291.  The introduction of payment by results into criminal justice is intended to be cost-neutral.[473] Nevertheless, while there is the potential for cost savings to stem from driving out existing inefficiencies, and from 'upstream' savings by reducing reoffending, there is also the prospect that costs will increase. For example, UNISON believed that such a system would require additional bureaucracy for the oversight of commissioning arrangements, contract management and quality assurance which would divert resources from the frontline.[474] Indeed the application of payment by results in health and employment resulted in increased costs. For example, administrative costs were estimated to have increased by around £100k-£180k in hospital trusts and from £90k to £190k in primary care trusts (PCTs). Most of the additional expenditure was due to: recruitment of additional staff; higher costs of data collection; higher monitoring costs; and higher enforcement costs. While there are lower costs in negotiating prices and volumes, this is offset by difficulties in managing activity levels.[475]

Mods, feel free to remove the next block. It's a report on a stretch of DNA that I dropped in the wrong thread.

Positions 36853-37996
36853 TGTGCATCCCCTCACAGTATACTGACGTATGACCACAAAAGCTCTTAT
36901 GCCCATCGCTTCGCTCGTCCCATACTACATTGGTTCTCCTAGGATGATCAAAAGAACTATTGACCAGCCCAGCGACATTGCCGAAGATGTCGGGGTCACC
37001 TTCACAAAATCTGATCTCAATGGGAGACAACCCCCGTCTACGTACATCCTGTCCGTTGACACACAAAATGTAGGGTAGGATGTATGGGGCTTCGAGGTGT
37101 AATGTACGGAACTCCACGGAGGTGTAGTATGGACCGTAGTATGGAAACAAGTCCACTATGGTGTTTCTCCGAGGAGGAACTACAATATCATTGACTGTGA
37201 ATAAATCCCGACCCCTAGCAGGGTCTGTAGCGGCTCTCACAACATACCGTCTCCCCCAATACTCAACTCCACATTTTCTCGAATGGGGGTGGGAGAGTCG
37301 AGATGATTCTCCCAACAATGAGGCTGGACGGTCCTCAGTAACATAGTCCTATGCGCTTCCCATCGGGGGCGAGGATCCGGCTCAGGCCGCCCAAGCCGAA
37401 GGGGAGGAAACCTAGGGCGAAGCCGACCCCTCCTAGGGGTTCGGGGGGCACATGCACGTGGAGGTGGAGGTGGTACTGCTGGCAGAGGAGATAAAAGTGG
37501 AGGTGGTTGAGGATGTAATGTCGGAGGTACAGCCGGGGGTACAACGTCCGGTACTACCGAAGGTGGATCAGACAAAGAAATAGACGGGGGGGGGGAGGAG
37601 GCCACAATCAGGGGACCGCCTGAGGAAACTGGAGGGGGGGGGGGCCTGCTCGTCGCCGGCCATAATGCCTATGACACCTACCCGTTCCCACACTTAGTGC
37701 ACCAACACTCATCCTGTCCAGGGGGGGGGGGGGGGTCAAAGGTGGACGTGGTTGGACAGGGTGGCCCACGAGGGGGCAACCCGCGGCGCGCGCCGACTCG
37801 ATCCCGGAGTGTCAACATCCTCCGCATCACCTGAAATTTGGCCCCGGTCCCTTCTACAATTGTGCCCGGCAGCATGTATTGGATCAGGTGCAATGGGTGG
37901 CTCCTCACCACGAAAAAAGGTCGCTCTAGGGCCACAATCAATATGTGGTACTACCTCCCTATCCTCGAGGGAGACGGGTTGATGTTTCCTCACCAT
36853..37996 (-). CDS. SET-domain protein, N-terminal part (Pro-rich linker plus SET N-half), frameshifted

292.  There would undoubtedly be some cost implications for the application of payment by results to criminal justice. For example, Tessa Webb, Chief Executive of Hertfordshire Probation Trust, stated that the probation service does not currently have access to the police national computer which provides data on re-offending.[476] Sonia Crozier, Chief Executive of Sussex and Surrey Probation Trust has commissioned research to create a costing framework to assess the impact of local delivery models which would be required to facilitate the implementation of payment by results.[477] We were told that other than for the evaluations of the pilots, the MoJ has not budgeted for an increase in administrative costs; indeed the administrative costs of the Department are being reduced by 30% over the spending review period.[478]

293.  Nevertheless, it is also important for the Government to reflect on the potential benefits of greater investment in generating better outcomes. Mr Eccles raised concerns that consideration of the merits of any new commissioning model on cost alone could overlook the need for contracting processes that deliver higher quality services and better outcomes; it should focus on value for money.[479]

294.  In any new commissioning model there is a need for a balance to be struck in ensuring that the administrative costs of any new system do not outweigh the potential benefits. The Government's pilots should be designed to enable them to create a business case for a viable model of justice reinvestment to be implemented over the next spending review period.